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by Alice McLerran,
illustrated by Barbara Cooney

Rating:  Worth Reading

A group of children create an imaginary city on a hill in the desert, near their homes. The book talks about the games they play, and the rules they construct. The book is based on recollections by the author's mother.

Appropriate For:
  • Beginning Readers (Ages 5-8)


Read this Book for these reasons:


Things to keep in mind about this book:


  • No strong themes, except independence and freedom of the children at play.


Main Characters:


Meggie (Rating:  Exceptional)

I really loved this book, because of how these children created this pretend city on a barren hill near their houses, and how the city persisted not just through one summer, but throughout their childhoods, even to the point that they returned to this imaginary city later in their lives.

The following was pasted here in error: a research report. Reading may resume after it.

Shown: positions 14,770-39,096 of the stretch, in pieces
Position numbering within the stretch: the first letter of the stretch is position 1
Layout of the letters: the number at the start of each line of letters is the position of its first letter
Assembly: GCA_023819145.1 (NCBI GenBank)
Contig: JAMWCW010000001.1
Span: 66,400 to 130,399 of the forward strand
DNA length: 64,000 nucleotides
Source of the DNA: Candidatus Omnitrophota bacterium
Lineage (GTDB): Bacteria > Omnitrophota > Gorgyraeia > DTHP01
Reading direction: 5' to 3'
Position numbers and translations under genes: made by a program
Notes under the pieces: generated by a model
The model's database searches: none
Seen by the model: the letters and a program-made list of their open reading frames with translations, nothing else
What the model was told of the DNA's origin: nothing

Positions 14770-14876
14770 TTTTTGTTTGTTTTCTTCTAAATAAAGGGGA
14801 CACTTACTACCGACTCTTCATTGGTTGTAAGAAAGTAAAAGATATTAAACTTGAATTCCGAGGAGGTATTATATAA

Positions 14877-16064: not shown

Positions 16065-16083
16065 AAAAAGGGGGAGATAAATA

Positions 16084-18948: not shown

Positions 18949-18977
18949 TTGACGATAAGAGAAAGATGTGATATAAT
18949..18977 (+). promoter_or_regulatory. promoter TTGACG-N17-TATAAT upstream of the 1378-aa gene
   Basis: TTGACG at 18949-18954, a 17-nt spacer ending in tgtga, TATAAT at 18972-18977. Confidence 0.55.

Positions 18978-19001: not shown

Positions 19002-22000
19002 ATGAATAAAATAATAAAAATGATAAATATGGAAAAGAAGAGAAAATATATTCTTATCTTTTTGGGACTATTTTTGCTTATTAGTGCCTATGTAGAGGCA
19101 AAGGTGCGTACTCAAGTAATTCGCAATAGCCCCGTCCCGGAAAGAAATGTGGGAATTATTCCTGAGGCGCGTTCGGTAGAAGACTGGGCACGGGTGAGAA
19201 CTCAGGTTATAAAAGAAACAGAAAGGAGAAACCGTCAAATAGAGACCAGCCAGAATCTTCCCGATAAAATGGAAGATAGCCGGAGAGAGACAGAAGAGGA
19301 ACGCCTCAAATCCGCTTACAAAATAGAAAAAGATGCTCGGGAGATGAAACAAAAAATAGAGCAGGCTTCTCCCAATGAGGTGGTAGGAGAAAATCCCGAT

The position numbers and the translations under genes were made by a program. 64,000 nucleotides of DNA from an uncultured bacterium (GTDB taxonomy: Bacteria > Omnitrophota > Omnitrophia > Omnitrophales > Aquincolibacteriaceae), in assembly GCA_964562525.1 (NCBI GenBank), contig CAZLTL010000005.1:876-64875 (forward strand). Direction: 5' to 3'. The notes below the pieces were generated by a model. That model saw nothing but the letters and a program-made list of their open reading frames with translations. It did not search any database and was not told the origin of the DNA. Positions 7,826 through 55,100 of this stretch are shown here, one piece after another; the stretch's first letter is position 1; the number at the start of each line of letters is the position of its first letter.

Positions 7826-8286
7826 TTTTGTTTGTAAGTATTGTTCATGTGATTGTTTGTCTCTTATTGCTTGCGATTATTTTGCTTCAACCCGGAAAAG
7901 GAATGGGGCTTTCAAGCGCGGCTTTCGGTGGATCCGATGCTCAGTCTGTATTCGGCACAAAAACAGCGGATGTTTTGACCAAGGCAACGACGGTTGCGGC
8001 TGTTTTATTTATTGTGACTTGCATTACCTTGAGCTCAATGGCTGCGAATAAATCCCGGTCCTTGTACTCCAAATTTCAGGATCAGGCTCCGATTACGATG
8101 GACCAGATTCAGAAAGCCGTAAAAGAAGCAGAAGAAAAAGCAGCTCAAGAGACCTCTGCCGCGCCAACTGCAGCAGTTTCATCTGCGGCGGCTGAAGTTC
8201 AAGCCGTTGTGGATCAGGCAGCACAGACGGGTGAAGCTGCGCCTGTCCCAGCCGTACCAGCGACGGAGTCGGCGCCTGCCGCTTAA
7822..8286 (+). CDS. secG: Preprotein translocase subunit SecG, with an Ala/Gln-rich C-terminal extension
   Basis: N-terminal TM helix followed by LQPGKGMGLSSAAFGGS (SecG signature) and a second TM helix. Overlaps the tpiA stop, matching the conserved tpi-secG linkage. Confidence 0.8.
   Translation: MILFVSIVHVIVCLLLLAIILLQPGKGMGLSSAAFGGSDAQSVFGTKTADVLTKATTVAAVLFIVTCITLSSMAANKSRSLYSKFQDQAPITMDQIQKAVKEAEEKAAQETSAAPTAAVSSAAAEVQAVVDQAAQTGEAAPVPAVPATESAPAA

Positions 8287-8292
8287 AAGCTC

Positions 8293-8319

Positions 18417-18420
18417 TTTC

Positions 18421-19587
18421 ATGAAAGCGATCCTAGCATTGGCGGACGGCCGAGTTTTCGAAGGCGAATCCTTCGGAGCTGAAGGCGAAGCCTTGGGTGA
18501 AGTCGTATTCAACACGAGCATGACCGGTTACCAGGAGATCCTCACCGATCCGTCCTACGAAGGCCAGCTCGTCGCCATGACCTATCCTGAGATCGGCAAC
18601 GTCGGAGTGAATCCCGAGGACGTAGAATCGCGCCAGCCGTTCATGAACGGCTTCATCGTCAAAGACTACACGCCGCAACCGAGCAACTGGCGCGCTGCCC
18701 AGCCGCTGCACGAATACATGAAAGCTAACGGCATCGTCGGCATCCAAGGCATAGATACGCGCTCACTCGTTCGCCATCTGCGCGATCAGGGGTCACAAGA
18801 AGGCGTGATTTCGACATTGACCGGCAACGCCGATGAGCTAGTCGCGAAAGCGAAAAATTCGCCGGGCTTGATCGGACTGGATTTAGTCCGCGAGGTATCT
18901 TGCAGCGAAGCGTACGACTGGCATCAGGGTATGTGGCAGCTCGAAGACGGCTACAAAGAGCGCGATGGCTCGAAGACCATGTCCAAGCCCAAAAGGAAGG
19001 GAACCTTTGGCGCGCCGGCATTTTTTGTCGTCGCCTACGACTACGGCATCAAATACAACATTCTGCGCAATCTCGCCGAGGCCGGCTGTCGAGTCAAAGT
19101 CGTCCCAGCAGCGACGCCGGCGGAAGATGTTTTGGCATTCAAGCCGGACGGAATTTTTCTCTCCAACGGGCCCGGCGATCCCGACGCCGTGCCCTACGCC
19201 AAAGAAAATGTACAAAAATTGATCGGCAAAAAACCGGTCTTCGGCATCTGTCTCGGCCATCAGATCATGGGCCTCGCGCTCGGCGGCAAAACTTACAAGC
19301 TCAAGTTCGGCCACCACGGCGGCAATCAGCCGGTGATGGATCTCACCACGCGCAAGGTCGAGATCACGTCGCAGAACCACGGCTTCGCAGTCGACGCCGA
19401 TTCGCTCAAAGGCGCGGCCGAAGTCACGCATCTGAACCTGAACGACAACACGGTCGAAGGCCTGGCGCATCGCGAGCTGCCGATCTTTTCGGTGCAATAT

Mo (Rating:  Worth Reading)

Like Meggie, I also liked this book. It is a heartwarming tale of children creating a rich, imaginary world which they inhabit, complete with shops, forts and even a cemetery (in which the only grave is that of a dead lizard!).

However, one thing I look for in books for my children is that they have a theme or a message. This book has no strong message - it is simply a tale of children creating their world, based on actual childhood experiences of the author's mother and aunt. The illustrations are also evocative - they bring the story to life.

I see this book as a homage to the author's mother, and it is a endearing story, but in the end, just that.

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